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‘Idiot’ is such a terrible word, but it does get to the heart of the matter. Brett Rogers of Vitality Massage just posted a YouTube video discussing what he calls ‘idiot abundance’, a pretty spot-on term for our houses full of things we never actually needed and rarely if ever use.
Thanks to our American culture of morbid consumerism, you can drive to Wal-Mart any day and pick up some completely idiotic, cheaply made, aesthetically repulsive, built for obsolescence, made in China, smells weird Thing that will land in the waste stream or a tag sale (and consequently the waste stream) before long. Or it will sit in your home for years, cluttering space, collecting dust, going out of style, and falling apart.
My husband and I have been working a lot lately on remedying our idiot abundance. Everything we’re parting with is being stacked in the garage for a huge summer tag sale. What doesn’t sell will go to Big Brothers/Big Sisters.
The lighter a load you travel with, the easier it is to walk. The mind clears. There’s more room for pure thought. Your home’s floor plan opens, and you breathe. Shelves clear off, cabinets lighten up, and you breathe. Closet space is rediscovered, and you breathe. The dust clears, and you breathe. You can swing your arms around anywhere you walk, and you breathe - and dance. The landscape of your life becomes unclouded, and your spirit expands.
A few years ago, I knew a man who lived alone, and still in his childhood house – a building of chaos and clutter, filth, and desperation. He had a hoarding disorder, the worst I’d ever seen. He was deeply anxious, withdrawn from society, clinically depressed, grappling with drug addiction, drinking every day, unemployed, sleeping a lot, angry a lot, addicted to the darkest corners of the Internet, and terribly lonely.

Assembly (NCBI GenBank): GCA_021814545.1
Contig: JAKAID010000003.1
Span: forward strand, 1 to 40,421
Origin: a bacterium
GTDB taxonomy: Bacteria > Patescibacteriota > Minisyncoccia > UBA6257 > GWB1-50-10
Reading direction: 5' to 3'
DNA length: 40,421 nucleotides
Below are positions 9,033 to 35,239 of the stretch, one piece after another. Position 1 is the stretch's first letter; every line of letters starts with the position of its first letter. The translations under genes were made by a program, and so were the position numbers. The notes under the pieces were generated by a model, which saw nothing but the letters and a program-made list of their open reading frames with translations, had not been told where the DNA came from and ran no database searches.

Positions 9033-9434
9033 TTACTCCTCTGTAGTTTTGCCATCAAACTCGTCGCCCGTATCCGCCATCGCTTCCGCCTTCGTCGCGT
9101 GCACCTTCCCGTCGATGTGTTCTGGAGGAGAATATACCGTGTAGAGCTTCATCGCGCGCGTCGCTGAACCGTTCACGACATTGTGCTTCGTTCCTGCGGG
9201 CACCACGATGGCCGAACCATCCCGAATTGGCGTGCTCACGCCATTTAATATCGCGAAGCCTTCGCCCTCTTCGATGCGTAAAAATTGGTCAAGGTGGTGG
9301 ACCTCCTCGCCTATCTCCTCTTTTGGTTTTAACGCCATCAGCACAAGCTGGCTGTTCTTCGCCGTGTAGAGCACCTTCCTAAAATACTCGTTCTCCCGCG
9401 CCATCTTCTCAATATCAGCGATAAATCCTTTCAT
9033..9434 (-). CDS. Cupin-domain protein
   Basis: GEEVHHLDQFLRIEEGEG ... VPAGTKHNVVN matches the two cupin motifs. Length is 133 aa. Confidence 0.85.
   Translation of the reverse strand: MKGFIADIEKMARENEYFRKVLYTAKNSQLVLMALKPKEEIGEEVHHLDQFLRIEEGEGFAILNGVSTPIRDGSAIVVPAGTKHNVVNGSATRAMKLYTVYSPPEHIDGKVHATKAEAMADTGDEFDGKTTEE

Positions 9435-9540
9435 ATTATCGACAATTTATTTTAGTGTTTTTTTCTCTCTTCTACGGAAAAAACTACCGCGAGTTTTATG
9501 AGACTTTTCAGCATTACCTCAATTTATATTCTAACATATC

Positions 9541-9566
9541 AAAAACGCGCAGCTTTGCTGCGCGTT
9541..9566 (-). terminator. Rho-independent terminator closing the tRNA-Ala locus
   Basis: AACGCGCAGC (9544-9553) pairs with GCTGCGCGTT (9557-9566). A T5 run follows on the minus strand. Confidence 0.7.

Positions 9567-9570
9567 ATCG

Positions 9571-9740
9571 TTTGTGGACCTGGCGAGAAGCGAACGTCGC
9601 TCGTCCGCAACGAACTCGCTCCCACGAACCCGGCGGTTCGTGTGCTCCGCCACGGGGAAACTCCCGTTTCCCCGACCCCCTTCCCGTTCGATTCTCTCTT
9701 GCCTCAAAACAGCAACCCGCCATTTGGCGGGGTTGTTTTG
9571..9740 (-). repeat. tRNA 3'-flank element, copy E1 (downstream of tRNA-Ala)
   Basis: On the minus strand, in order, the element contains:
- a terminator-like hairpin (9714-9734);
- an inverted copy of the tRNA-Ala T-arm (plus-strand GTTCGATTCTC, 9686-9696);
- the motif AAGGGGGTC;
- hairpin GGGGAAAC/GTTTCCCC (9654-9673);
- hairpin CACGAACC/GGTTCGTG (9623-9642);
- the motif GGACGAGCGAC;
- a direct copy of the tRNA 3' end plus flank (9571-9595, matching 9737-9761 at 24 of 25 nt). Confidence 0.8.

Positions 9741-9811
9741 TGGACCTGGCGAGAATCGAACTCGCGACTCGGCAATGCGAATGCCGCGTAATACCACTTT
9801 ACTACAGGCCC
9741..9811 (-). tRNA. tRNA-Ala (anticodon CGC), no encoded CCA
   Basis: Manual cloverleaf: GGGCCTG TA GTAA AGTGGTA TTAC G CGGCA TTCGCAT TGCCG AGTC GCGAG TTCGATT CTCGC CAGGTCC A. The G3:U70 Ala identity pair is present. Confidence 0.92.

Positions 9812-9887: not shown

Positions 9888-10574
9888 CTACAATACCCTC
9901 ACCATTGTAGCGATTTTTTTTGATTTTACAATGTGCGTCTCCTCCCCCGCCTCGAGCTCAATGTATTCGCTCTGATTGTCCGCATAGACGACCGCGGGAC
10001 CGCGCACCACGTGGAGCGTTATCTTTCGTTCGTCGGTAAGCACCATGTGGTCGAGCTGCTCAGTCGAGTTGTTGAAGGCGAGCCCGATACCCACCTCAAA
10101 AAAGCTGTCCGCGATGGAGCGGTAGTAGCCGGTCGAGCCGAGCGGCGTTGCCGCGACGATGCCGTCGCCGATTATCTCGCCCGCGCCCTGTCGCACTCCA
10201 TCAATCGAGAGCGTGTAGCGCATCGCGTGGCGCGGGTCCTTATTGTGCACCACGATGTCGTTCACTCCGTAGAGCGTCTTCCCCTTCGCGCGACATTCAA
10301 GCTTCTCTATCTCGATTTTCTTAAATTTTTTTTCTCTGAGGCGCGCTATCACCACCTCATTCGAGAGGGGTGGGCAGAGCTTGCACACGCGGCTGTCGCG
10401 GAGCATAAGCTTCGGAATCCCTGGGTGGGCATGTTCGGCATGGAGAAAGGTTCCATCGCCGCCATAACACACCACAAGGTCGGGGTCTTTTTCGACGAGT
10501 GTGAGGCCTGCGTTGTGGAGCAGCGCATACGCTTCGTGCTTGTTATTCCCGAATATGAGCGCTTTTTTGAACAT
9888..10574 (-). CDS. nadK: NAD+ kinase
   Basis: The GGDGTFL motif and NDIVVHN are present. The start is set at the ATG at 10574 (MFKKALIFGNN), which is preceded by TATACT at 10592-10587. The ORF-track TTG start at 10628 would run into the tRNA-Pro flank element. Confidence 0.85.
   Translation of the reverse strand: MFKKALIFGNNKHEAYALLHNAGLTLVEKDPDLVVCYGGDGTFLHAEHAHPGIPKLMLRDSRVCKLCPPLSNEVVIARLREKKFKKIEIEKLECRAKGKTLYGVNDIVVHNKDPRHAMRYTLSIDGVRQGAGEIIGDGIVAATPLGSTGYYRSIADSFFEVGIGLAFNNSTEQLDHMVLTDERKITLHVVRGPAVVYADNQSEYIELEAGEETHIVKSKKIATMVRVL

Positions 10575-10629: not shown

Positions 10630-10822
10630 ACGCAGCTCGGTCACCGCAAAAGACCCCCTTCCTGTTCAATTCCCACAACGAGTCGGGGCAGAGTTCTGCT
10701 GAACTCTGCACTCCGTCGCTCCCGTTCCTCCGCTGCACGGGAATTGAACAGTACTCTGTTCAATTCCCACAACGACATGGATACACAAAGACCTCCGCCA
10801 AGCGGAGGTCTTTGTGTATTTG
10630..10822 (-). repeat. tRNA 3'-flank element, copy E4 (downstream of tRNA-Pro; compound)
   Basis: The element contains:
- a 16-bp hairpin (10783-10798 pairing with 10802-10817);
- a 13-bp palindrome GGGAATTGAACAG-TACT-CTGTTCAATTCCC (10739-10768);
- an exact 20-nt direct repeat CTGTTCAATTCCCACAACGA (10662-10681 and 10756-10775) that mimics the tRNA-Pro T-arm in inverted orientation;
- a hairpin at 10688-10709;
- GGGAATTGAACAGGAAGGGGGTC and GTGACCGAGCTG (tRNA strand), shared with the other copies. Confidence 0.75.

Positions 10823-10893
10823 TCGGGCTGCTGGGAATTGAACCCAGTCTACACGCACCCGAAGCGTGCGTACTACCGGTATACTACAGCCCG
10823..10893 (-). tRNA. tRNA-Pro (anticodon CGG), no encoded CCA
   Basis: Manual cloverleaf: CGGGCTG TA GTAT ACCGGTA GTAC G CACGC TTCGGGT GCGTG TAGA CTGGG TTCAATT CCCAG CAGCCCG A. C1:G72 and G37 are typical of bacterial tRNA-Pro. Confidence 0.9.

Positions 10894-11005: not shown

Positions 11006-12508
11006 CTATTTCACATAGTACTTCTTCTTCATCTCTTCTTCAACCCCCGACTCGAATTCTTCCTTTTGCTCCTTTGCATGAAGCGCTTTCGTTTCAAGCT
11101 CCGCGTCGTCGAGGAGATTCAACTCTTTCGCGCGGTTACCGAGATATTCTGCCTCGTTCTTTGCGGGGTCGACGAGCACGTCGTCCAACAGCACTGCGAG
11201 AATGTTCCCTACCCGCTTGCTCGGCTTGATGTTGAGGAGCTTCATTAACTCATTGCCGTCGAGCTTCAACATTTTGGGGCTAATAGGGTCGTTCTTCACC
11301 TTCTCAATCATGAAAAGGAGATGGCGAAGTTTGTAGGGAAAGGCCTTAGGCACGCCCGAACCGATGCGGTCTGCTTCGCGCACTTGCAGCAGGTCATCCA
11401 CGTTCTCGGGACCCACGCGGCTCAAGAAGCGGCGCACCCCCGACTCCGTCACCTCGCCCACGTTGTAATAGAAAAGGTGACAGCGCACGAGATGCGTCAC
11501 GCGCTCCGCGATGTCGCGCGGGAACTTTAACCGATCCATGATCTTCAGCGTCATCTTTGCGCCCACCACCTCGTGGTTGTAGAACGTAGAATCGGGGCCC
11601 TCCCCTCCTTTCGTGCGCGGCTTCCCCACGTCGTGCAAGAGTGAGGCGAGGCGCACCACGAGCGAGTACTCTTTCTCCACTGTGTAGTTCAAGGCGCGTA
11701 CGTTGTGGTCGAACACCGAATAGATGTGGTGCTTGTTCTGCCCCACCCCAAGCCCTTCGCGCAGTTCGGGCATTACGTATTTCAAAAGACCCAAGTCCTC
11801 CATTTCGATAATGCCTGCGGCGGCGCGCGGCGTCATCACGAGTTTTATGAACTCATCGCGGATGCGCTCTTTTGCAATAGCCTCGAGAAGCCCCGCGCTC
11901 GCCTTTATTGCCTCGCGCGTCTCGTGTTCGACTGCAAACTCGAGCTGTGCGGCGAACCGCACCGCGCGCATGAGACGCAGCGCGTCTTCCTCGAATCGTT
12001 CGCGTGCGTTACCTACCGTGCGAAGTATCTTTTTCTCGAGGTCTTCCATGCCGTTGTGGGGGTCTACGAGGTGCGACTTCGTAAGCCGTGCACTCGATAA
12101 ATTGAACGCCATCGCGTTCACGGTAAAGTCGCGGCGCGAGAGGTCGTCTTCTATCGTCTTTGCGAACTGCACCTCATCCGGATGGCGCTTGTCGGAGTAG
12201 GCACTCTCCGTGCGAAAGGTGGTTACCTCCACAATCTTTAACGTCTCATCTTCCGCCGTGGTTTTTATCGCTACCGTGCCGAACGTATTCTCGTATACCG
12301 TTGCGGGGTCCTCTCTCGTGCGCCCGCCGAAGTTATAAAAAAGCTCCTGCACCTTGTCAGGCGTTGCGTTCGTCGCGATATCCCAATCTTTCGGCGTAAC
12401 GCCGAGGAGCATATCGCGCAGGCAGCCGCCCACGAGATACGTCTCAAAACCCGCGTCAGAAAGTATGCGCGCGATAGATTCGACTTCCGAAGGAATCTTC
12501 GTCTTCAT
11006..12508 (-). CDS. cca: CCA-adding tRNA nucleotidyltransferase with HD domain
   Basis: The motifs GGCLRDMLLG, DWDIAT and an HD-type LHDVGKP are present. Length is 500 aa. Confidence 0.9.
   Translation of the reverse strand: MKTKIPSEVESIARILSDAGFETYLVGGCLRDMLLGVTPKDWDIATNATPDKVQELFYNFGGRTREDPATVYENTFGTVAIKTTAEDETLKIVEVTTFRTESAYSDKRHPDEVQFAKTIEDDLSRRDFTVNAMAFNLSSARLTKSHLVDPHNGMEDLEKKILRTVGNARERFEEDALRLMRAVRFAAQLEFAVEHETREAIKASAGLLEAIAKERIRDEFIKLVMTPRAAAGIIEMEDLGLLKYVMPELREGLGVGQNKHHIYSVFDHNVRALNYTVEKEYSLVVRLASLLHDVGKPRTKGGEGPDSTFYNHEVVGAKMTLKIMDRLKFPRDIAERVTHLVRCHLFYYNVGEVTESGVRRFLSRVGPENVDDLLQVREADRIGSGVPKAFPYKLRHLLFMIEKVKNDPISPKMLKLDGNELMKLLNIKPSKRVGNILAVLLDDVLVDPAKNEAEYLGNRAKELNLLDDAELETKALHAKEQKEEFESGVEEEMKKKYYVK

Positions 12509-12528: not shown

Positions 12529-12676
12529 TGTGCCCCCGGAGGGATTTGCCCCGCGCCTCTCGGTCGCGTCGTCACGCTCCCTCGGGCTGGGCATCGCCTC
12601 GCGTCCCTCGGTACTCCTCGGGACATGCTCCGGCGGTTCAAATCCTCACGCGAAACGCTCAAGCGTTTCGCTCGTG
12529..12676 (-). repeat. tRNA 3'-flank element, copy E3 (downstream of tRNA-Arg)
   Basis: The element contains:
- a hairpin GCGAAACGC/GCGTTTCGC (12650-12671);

These things that filled the rooms of his house, covered the floors and walls, lined the stairs, and filled the sinks, bathroom, bedrooms, and basement had no value. It was other peoples’ junk: roadside castoffs, worthless tag sale ‘finds’, remnants of his childhood, his first marriage, old girlfriends, the children he lost is his divorce. By surrounding himself with clutter, by building this cocoon, he hoped to smother his pain. But it didn’t work. In his lucid moments, he saw the seriousness of his situation, but felt powerless to do anything about it. In the time I knew him, he continued to decline. He was burying himself alive.
But if we are also surrounding ourselves with the gadgets and widgets of idiot abundance, then we too are skimming perilously close to such a pathology.
The bread making machine, vegetable chopper, iced tea maker, ice cream maker, and waffle iron that are never used, the cheap ceramic figurines that fill shelves, collect dust, and are no longer noticed, the clothes we haven’t worn in years, the old Christmas ornaments from former lives, the collection of DVDs we never watch, the piles of books that are never read, the 25 identical screwdrivers in the workshop, and the dead computer on the floor that was long ago replaced by a new one – all of these things clog a life like they clog an artery.
My husband and I both want to travel much lighter through our lives. So, we’re doing a very large and serious clean out. We do a minor sweep each season, but this time it’s a big one. This time, we’re parting with things that we have been emotionally attached to for years, things we never before considered parting with. The things we never used or looked at, but never wanted to part with. The tough stuff.
About a half of one of our garage bays is holding what we’ve discarded so far. And there’s more to come. We both already feel an immense sense of physical and psychological relief. There’s less stuff. A lot less. Someone else who wants it can have it. We’re trying to avoid the landfill. If it can’t be sold at our tag sale, we’ll give it away.
Idiot abundance is the thin edge of the wedge of the kind of devastating hoarding disorder my friend had. It’s the gateway ‘drug’ to obsession, repression, and addiction. Addiction to things. Things that own us.
Spring is on the way. It’s cleaning time. Do a big sweep. Lighten your load. Leave your past and all its tenuous ‘things’ behind. Gift yourself the gift of being in your home and being able to breathe, of looking forward to the future without the burden of the past. Don’t buy more. Let the abundance be within you, not around you.